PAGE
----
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Discussion Starter #1
This week I am planning to replace all motor mounts on my 2002 Rav4 4 cyl. 208K and FWD. My wife has been driving this car for while now with symptoms of a worn motor mounts. I was able to inspect two of them and the rubber part has cracks and rips in them. Car shakes at initial engine cranking. When coming to a stop you can hear a clunk under the car like something got loose and hitting the front of the car. Car's engine also is moving front and back excessively while shifting from drive to reverse with a loud clunk when shifting from reverse to drive only. Now I already got a set of 4 new aftermarket motor mounts and will be attempting to replace them this week. The 3 mounts look like are pretty easy to install except the passenger right one. It looks like this one will require removal of the ABS unit? Did anyone ever attempted to do this on 02 Rav4 yet? Can it be done without removal of the ABS unit? Also, can I just replace the other 3 mounts and leave this one untouched? Also, any tips on what to look out for when doing this DIY? Can the new mounts be torqued to the proper specs right away or do they need to settle down before they can be torqued? I would appreciate any help before Thursday. Thanks very much..


 

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Those small cracks are nothing to worry about yet. You are looking for fore/aft movement, so concentrate on the mounts that are under the vehicle near the radiator (common mount to go bad) and the one by the firewall if there is one. There will be one on the transmission, which rarely goes bad because there isn't much movement at that end of the driveline. The next mount that goes bad is the one by the timing cover.

I tighten the bolts holding the mount to the bracket/body/frame then tighten the through bolt.
 
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Discussion Starter #3
Those small cracks are nothing to worry about yet.
To me they actually look more like tears, with 208K on the original mounts replacing them would be probably the way to go?
You are looking for fore/aft movement, so concentrate on the mounts that are under the vehicle near the radiator (common mount to go bad) and the one by the firewall if there is one.
Thanks man. Yes, the front and the rear mounts will be first to change as it look like they are the easiest to change.
There will be one on the transmission, which rarely goes bad because there isn't much movement at that end of the driveline.
I would still like to change this one as I am doing this project anyway and already got the new mounts. To change the trans mount would I have to reposition my lift from the bottom of the engine oil pan to the tranny or can I leave the lift supporting the engine while changing the tranny mount?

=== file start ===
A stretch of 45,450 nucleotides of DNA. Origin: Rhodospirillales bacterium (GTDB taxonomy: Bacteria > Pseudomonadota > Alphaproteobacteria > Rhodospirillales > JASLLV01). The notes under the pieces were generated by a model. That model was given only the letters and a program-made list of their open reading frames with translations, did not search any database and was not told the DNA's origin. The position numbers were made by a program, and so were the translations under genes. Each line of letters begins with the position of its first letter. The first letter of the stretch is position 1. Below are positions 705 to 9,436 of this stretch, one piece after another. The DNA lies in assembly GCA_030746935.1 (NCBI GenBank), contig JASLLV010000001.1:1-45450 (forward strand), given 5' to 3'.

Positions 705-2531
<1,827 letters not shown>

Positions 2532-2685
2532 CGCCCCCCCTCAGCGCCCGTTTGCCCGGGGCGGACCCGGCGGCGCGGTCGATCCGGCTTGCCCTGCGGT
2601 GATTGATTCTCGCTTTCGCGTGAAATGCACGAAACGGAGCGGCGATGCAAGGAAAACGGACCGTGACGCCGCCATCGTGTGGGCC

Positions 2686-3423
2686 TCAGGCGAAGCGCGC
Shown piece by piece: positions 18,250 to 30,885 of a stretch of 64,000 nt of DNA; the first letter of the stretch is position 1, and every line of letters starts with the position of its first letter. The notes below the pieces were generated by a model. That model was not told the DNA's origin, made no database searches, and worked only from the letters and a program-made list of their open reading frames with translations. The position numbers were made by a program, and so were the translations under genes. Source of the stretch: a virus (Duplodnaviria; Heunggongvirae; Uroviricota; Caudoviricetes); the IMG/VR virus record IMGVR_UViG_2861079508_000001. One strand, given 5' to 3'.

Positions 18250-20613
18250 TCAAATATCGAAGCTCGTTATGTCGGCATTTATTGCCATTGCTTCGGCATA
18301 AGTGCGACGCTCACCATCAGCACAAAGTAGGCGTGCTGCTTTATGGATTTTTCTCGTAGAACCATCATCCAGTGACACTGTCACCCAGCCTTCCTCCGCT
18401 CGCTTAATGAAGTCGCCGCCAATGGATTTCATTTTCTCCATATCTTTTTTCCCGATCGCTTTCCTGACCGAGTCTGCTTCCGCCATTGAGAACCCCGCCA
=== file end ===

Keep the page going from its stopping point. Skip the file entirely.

The next mount that goes bad is the one by the timing cover.
This is the one I am having trouble figure out how to change. There is the power steering and the ABS unit on top of it and I am not sure if I can remove this mount without removing the other two first?

I tighten the bolts holding the mount to the bracket/body/frame then tighten the through bolt.
I read somewhere that sometimes aftermarket mounts can cause rougher start and engine shaking as the new mounts need to settle down in the car. So the recommendation was to not tighten the mount bolts (the through bolt) yet, start the engine, let it idle for a while and than re-tighten the bolts of the mounts. Does this make sense? Is this true?
Thanks much my friend.
 

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Discussion Starter #4 (Edited)
Well, since not many were interested in motor mount replacement DIY I will share my own experience. I finally decide to tackle this project on my own and now I am ready to help someone else who may be looking for the DIY info on line. I have to tell you guys that not much info regarding 02 Rav4 online especially on the subject of motor mounts. Anyway, I got the Haynes Manual and decided to do this myself.
First, I ordered the set of 4 mounts on Ebay from a seller called 'power_autoparts'. They had a set of 4 mounts for $111 (Lifetime Warranty) - $20 Ebay coupon I got this for $91. According to the listing brand was 'Motorking' but 2 out of the 4 mounts were made by 'Eagle Motor Mounts". Since my wife drives this car daily, I had only one day to do this.

Initial symptoms of bad motor mounts;
Car shakes at initial engine cranking. When coming to a stop you can hear a clunk under the car like something got loose and hitting the front of the car. Car's engine also is moving front and back excessively while shifting from drive to reverse and with a loud clunk when shifting from reverse to drive only.


At first the 3 mounts, front, rear and the drivers side ones looked like they were pretty easy to replace. The passenger/right side was the mount that according to my Haynes manual needed to have the ABS Unit removed for the mount to be removed out of the car. I wasn't sure what and how to do this as I couldn't find any information online and youtube on replacing any mounts on any year Rav4. I also wasn't sure if the new mounts have to be torqued to the proper specs right away or do they need to settle down before they can be torqued to prevent any shaking due to a new aftermarket mounts. That was was the info I got online regarding other cars and aftermarket motor mounts ?

First I started with the front engine mount as it looked like it would be the easiest to replace.